Sofia is making poor choices in her life. I feel like it’s been a long, downward spiral. I’m behind on my math homework. Last night I stayed up late watching Taiwanese soap operas. I’m being unproductive as we speak, writing frivolous stuff like this when I ought to be researching the statistics of homelessness and studying for organic chemistry. Not good. Not good at all.
Yesterday was the same way. Instead of doing work, I decided to sew. The bodice of my creamy yellow sundress I made out of that fabric I purchased at the Japanese Cultural Center’s rummage sale was too long, so I shortened it. I could have been doing my study guide for International Relations with that time, but no. Afterwards, I needed a needle to hand-sew the finishing touches. On 3 pincushions, I found 3 darning needles, a couple of tapestries, and a crewel. Not okay. I wanted a sharp. Where are all my precious sharps? Why do I have 3 pincushions? You know, I’ve had this tomato one for a long time and I never liked it. It’s so cliche. Come on; a tomato? Everyone has a tomato pincushion. I like my Miss Meow pincushion better. I need to downsize.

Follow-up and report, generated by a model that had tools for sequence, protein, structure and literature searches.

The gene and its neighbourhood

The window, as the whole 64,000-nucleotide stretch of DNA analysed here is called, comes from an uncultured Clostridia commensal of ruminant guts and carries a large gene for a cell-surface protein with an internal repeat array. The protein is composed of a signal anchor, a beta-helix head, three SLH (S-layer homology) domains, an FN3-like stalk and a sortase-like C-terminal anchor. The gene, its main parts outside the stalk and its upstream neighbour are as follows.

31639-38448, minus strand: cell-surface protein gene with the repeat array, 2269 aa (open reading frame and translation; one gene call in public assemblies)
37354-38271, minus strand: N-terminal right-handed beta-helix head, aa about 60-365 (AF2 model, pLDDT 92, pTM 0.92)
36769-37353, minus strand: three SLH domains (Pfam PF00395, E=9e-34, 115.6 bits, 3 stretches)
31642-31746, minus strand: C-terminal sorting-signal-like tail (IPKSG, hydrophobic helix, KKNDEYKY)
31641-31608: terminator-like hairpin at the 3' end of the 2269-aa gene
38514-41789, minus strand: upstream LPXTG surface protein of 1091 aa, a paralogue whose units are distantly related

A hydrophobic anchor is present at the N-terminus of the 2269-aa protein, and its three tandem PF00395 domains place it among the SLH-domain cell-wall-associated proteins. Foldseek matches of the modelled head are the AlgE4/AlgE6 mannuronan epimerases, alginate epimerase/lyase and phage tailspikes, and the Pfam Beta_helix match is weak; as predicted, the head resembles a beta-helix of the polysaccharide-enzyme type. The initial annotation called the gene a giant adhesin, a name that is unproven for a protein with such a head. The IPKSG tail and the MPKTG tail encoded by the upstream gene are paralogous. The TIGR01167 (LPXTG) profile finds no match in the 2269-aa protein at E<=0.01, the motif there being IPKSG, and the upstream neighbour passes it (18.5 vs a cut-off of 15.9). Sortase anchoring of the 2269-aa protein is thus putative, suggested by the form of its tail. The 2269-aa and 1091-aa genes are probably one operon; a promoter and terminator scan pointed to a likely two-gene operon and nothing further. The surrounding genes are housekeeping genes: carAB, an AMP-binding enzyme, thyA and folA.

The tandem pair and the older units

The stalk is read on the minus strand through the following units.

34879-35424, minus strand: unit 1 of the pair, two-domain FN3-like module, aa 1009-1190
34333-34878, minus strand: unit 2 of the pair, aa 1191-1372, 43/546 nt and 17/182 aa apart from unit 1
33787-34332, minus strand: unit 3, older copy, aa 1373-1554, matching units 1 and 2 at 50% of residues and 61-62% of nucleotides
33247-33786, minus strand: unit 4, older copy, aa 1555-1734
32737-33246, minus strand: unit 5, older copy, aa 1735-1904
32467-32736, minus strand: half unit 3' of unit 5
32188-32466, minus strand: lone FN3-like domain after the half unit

Plus, there are probably needles in there.
So, I snipped it apart. I lost a pincushion, but I found 34 needles inside. Who would have ever known? It had such a cheerful outside, that red tomato pincushion. Who would have ever known there were so many dangerous and hurtful things inside, hiding behind it’s brave front? Or is that a bad analogy, since I actually like needles? Should I ruminate instead on the release of potential nobody could see from the outside? All I knew that red velveteen tomato to be was a worn out, superfluous pincushion. If I had not delved deeper, I might have tossed it without ever discovering the treasures inside.
I’m sorry. I’ll stop now.
I started this meaning to tell my latest “Strange-People-Who-Invade-My-Personal-Space-At-Bus-Stops” story. I would have thought by now that everybody would be tired of these, but since my no. 1 fan requested it yesterday, I guess not. If I can think of a moral to the story, or something else to tie it up with, I’ll tell you another time.